About the Embedded Labs
- Administrative data mapping and strengthening
- Developing a policy-oriented research agenda and facilitating the development of research projects in line with the agenda
- Monitoring, Evaluation, and Learning (MEL) plans for key programs
- Evidence sharing and supporting partners to use evidence to inform public policy
- Evaluations using administrative data (sometimes supplemented by independent data collection)
- Strengthening the link between the generation and use of evidence
- Technical assistance for scaling up effective programs
- Institutionalizing the sharing and application of evidence to inform decisions in government agencies
- Building skills and systems to create and use rigorous evidence
- Directly supporting the scale-up of evidence-informed policies and programs, including through effective monitoring at scale
Embedded labs tackle three major challenges to the regular, institutionalized use of evidence in policymaking:
(1) A lack of accessible, contextually grounded evidence to support decisions. Government officials face many demands on their time, and typically are not able to identify, review, and analyze multiple studies to extract insights relevant to their contexts. Without this, the application of even well-documented evidence is challenging in the real world.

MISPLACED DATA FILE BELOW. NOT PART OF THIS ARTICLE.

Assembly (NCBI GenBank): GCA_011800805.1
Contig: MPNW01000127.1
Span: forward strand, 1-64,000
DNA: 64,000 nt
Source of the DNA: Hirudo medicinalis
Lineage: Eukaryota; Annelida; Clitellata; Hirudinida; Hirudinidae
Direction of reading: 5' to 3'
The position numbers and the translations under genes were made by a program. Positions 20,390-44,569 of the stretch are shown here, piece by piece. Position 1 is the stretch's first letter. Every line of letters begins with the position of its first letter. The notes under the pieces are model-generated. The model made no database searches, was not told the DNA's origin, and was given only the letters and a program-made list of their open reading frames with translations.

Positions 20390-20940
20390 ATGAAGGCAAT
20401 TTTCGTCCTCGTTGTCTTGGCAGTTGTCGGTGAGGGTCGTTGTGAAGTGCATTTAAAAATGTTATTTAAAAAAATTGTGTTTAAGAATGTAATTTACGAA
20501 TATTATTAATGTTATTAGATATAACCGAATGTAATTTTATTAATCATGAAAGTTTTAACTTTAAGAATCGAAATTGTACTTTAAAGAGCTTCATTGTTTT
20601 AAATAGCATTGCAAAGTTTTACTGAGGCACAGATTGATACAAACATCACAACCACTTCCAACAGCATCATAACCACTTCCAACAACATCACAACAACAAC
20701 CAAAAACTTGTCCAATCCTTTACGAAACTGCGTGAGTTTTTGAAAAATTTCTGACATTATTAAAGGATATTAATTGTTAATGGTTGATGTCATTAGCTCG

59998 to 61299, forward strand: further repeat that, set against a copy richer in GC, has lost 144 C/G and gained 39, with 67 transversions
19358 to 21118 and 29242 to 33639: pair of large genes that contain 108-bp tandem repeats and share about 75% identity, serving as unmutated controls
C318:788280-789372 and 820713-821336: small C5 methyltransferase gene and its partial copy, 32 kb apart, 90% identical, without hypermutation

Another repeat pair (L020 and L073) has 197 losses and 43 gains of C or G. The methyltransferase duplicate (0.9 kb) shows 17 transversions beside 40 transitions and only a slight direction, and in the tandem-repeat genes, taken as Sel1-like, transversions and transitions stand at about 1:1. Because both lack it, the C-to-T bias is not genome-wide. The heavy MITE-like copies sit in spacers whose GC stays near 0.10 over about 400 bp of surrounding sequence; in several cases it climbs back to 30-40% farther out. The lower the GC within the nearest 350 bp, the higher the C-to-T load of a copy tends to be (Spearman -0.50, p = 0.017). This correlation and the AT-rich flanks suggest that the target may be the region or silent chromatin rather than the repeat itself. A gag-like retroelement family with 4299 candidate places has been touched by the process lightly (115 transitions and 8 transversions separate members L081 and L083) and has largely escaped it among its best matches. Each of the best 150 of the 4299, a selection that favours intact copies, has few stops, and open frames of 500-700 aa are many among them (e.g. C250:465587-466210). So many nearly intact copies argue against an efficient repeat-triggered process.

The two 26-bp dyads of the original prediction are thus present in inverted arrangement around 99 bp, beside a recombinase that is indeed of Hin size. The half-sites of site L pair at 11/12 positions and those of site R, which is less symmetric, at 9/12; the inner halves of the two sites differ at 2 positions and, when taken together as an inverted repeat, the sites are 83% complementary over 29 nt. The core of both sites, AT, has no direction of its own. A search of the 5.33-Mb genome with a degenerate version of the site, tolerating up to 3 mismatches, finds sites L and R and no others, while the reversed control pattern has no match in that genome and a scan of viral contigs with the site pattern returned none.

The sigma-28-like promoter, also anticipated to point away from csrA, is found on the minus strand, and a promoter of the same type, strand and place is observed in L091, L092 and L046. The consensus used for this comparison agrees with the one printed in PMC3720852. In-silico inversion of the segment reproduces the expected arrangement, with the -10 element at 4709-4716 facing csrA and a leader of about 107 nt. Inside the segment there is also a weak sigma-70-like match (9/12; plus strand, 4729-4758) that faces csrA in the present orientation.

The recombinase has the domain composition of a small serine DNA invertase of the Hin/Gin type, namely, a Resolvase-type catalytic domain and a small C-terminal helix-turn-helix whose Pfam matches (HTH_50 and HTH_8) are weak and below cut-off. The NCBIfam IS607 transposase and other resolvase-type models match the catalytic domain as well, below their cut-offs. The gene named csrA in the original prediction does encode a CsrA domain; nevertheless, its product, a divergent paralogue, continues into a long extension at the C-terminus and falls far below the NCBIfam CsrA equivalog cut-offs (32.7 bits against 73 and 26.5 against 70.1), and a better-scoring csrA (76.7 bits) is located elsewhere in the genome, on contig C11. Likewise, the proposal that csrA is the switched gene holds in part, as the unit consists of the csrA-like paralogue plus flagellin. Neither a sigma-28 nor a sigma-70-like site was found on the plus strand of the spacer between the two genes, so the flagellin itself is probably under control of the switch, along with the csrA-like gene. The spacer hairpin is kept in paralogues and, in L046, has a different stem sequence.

(2) Inadequate data and analysis systems. Existing government data could be used to answer policy questions, but this information is often siloed, outdated, or incomplete. As a result, existing resources are often underutilized. With targeted investments, governments can improve existing data—fostering a culture of evidence use.
(3) Unreached potential to develop, adapt and improve programs based on evidence. IPA’s partners are interested in implementing and scaling proven interventions, but adapting interventions to different contexts requires support from experts, ongoing monitoring, and, sometimes, further evaluation. IPA’s labs provide a platform for this support.
Each lab works on a variety of activities to equip IPA’s partners to regularly use evidence to improve their decision-making, policies, and programs. These include:
Embedded lab teams develop a “learning cycle” for their host ministry that develops into a routine, supporting institutionalization. A typical cycle features problem identification, incorporating existing evidence, designing solutions, piloting, evaluating, analyzing, and then sharing and acting on results.
Embedded Evidence Labs support IPA's strategic pillar of creating a culture of evidence-based decision-making. Labs enable policy impact by:
To learn more about Embedded Evidence Labs, keep reading for current examples or reach out to us for more information.